9. The whole point of rolling on the paint is to get a decent looking paint job, without a booth, without the harmful, explosive fumes, without having the right experience and just so happens to be cheap. Currently, my car is about five different colors and has been parked in my garage for 7 years. I could not justify spending 3 grand to get it painted. This method will allow me to have it back on the road in a month. It's not a show car just something to tinker with. 1 bravo 6 What type of clear is that?
  10. Went to Sherwin Williams a got a gallon of Industrial/ marine oil base industrial enamel "daredevil" orange (their color) which is really, really close to 918 orange from what I can tell. They made an attempt to scan my battery hatch door but could'nt get a good scan. 32 bucks for a gallon. Got home tried some test color samples a so far it's a close match. Finally, after all these years my project 240 will be one color again. I will post photos once I'm underway.
  11. So far I've got about 5 coats on. I wet sanded my test area with 400 to get rid of some sand scratchs from my prep. Not bad looking for a quicky test. To do the whole car I going to start with a better prep job. But with only 5 coats, I can see a good and cheap paint job can easily be achieved.
  12. I've got a 77 hood on my 72 240z
  13. Zwhore The fender looks good. Did you do any wet sanding? I got a practice piece going and the paint really smoothes out easy. A few bubbles at first but they go away shortly. My prep was alittle sloppy but still it looks good after 3 coats. I going to wet sand with 400 to see how it does on the following coats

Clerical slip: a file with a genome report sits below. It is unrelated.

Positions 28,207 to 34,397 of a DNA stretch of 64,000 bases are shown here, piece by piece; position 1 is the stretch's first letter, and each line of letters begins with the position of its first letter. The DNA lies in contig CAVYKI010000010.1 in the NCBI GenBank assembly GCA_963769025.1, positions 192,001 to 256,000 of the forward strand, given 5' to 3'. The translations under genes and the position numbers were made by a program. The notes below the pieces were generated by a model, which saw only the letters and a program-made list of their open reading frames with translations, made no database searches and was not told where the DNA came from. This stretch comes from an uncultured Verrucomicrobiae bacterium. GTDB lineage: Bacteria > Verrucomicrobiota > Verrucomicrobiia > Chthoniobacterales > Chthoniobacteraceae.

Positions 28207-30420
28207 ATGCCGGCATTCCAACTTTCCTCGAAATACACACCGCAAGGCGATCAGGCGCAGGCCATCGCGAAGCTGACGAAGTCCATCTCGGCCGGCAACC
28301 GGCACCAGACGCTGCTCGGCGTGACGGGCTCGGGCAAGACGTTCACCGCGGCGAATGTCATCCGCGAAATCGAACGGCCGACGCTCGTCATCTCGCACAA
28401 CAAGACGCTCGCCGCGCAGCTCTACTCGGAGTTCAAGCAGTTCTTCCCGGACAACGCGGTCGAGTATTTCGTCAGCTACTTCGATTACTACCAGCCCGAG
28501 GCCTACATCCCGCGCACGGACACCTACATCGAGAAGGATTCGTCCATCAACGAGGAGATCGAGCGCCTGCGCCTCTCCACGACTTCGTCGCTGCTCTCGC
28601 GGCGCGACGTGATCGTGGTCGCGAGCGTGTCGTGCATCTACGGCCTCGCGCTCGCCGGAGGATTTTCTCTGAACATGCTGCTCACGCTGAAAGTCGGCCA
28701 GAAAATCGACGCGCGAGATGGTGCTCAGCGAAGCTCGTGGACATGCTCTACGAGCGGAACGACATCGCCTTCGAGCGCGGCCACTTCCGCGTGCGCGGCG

14. Zwhore. Why do you call it the "franklin mint" 240? Could you give the particulars on the paint you got from Sherwin Williams. It looks like they maybe able to do a color match and custom tint the paint. I agree about the shine. New BC/CC paint just seems to be too glossy for a car that originally wasn't anywhere near that level of gloss. Call it 'old school gloss' I'm happy with this process. Since I know my body work and rust abatement isn't absolute perefect. I be able to make spot repairs. Also all paint work can be done without a paint booth. Expensive ventilation or the danger of breathing deadly fumes. And most all I don't have 3 grand for a paint job Unless you've have used epoxy primer the car can rust beneath most primers and you won't know till a bubble in the paint shows up. I have a 74 260z that I put hundreds of hours into a paint job which in just a few years some cancer started too show thru at the wheel wells. That car stays in the garage all the time now.
  15. Alright, finally with a orange z the same as mine. I been working with the roller method. Except, I'm practicing with a rustoleum orange. Yours looks better. Mines more of a orange/red. I'm conviced this method works. Using thin coats ensures that each layer will dry completely before the next is to be applied, The coverage is not as good but it's the best way to achieve decent results with the least amount of problems. I've had no trouble with bubbles by keeping the mixture thin. From the looks of the pictures the orange is a close match. What would you say, is it close to 918 orange?